Tuesday, July 31, 2012

Nice Turnout on Another Beautiful Summer Night

Sixteen players made it to the LCCC chess boards this night.

We welcome two new players; veterans of the Genessee County Chess Club in Flint, Harry C and Jewell M. Welcome gents! Add being LCCC’ers to your chess resume.

We also welcomed back Dave S and Tom H. Great to see you guys again.

The Ladder action continued strong. Scott M. took over the top rung! Congratulations to Scott.

Elliot K. rejected a challenge to retain the second spot.

Ken L won his ladder game, rejecting the threat to take his spot on the ladder.

Don J. moved up four rungs with a victory!

Four new players joined the ladder also! Going for new heights are Jewell M, Harry C, Dave S, and Andrew K.

That gives us a 21 – rung ladder! I think I am getting afraid of heights! If you are not yet on the ladder - get there! Simply put your name at the bottom and start climbing. Its the fun tournament that never ends!

In other news, Terry G was nominated for president and was added to the list of candidates. See an earlier posting for the nominees already named. If you have a nominee, send an email, post a comment or simply announce it to Ken L, Mike N or Vince V and they will make sure it gets noted.

Also, Terry G has offered a proposal to start a monthly league at LCCC. Possibly invite other players from other clubs to meet once a month at LCCC to play in the league. Your thoughts and comments are welcome on this. I will be posting the proposal soon. Stay tuned!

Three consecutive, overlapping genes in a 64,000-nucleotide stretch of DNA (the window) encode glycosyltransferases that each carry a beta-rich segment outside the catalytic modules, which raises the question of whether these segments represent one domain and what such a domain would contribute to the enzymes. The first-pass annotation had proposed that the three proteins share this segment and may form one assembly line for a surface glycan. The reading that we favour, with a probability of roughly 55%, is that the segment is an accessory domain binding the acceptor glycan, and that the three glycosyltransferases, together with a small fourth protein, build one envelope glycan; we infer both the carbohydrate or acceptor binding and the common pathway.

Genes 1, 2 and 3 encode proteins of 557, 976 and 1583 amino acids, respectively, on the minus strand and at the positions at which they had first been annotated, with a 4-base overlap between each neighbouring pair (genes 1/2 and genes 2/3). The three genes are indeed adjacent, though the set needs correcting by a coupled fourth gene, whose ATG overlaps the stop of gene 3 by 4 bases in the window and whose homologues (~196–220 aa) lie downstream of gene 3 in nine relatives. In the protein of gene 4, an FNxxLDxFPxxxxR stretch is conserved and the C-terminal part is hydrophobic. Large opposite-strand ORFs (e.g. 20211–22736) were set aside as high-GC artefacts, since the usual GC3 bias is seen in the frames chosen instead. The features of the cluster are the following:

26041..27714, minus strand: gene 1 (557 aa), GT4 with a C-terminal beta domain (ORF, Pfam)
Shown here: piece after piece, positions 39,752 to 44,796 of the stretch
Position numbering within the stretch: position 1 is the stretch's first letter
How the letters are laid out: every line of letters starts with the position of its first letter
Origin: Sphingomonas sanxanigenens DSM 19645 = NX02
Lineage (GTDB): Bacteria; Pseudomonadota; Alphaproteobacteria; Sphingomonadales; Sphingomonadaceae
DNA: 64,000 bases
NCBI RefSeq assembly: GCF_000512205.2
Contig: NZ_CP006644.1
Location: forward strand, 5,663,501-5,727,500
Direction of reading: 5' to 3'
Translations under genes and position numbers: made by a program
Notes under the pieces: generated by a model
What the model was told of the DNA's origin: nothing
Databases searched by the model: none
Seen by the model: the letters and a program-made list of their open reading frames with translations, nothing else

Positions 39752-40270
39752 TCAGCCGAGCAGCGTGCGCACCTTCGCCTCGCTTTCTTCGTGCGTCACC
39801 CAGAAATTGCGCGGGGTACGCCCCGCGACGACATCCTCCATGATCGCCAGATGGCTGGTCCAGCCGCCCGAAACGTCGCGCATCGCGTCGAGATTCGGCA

Friday, July 27, 2012

LCCC Club Officer Nominees - Open for Nomination!

Feel free to nominate anyone in the club. Use the comment section of this posting. Be sure to include your name and last inititial with your nominee when posting.

A meeting to do the voting will be held on a Wednesday in August (8th, 15th, 22) to be determined.

Here are the nominees so far. In the event of more than two for an office, we will require a run-off election if more than two persons get votes, and the number for the 3rd place person could change the result.

President
Mike N
Ken T
Terry G

VP –
Ken L
Mike N
Ken T

Secretary
Ken L
Vince V

Treasurer
Vince V


Appointed / Volunteer Positions -

Webmaster – Mike K
Assistant – ?

Blogmaster – Mike N
Assistant – ?

Ladder Tournament Director – Mike N
Assistant – Mike K

Tournament Director - ?